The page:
Landing a barista job at Café Campesino might be entry-level at first glance, but for many key employees, this role was simply the first step.
With “celebrating people” and “doing the right thing” as two of six core company values, promoting from within is not only possible, it’s likely.
“When we find staffers who are smart, hard-working, and committed to our business model, we make an effort to lift them up and keep them on staff,” said Nema Etheridge, Café Campesino’s Marketing Director and former barista. “We are a better company for it.”
Like Nema, Hannah Mercer started out taking coffee orders behind the counter in a part-time role to leading the company’s training efforts as a Specialty Coffee Association (SCA) Premier Trainer. Café Campesino operates the only SCA Premier Training Campus in Georgia, and one of the few in the region.
“I came to Café Campesino … never imagining that I would be able to establish a career from my part-time barista gig,” Hannah said.
Now, Hannah pays it forward by working to instill a sense of confidence in the baristas she trains.
“Even if I’m just someone who provides that voice of ‘I believe in you,’ that’s enough,” she said.
The coffee beans that patiently wait in burlap bags that have traveled to Americus from Guatemala, Peru, and Ethiopia to the Café Campesino Roastery ultimately end up in the hands of another former Café Campesino barista, Ethan Ryan, who roasts and sorts more than 500 pounds of fair trade coffee beans daily.
“He brings a level of care and consciousness to the roasting process,” Nema said as Ethan demoed the roasting process for guests in late June.
The success of Café Campesino was always intended to be an Americus-based story.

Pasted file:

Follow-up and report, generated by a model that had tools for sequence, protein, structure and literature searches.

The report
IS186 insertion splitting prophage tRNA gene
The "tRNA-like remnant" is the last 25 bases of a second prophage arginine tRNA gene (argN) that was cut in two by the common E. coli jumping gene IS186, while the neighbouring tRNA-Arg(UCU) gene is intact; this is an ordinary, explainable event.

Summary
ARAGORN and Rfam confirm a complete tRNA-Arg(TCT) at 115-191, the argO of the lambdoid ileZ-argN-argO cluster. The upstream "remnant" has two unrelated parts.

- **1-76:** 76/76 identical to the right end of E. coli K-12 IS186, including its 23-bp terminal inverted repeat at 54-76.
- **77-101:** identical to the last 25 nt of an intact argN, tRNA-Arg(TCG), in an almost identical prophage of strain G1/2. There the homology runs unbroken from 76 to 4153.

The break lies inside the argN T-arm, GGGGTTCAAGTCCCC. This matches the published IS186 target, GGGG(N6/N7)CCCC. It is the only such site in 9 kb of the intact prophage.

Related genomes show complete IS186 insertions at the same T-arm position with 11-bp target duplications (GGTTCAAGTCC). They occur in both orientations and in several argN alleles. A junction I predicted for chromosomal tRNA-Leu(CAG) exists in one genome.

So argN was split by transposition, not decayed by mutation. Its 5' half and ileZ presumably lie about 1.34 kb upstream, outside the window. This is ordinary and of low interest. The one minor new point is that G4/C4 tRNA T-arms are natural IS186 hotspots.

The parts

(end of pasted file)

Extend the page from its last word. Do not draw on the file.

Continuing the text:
“For more than 20 years, we’ve worked to build expertise within the specialty coffee industry, but we’ve also wanted to provide employment for people who want to stay in Americus,” said Bill Harris, one of Café Campesino’s co-founders. “A key part of our being in Americus is to contribute to the viability of our town and help it be a place where people want to live.”
The Café Campesino approach to its people internally is reflective of its business model as well.
Through a co-op model, they are able to truly produce fair trade coffee. Cafe Campesino is a member-owner of Cooperative Coffees, a green coffee importing cooperative of coffee roasters that are located in the U.S. and Canada, collectively sharing the demand for millions of pounds of green (unroasted) coffee that is grown by thousands of small-scale farmers around the world.
Those farmers plant and tend coffee trees on their own property and manage the annual harvesting and depulping of coffees at their homes. They then sell that coffee to their own cooperative, which prepares it for export. Farmer-owned cooperatives manage the export and sale of their members’ coffees as well as organic and fair trade certifications, offer farm-training to their members to help improve yield or combat pests, and help farmers produce additional crops in an effort to diversify their incomes. “Cooperatives help farmers mitigate their risks in a highly volatile market,” Nema said. “In our model, the chain of custody is extremely direct- one producer group sells to one buyer group.”
This collaborative approach is mirrored in the partnership between Georgia Organics and Café Campesino – which includes in-kind coffee at the Georgia Organics annual conference as well as a Georgia Organics blend of coffee for sale with a portion of proceeds benefiting the nonprofit.
“We find so many parallels between our work with small-scale coffee farmers around the world and the work Georgia Organics does here at home,” Bill said. “We all benefit from collaboration, shared stories, and shared successes. And now, more than ever, the good food movement needs great organizations like Georgia Organics to advocate for and connect organics farmers with thoughtful consumers.”
Georgia Organics President Alice Rolls loves the partnership’s balance of local versus international, while being rooted in similar values and philosophies.
“The issues we work on don’t stop at state lines,” Alice said. “We need to take a world perspective on these issues, and that what I like about partnering with Café Campesino.”
Learn more about Bill Harris’ take on fair trade, and check out this cool video interview with Pedro Pacheco Bop, a small-scale farmer that was worked with Café Campesino in Guatemala for more than 15 years.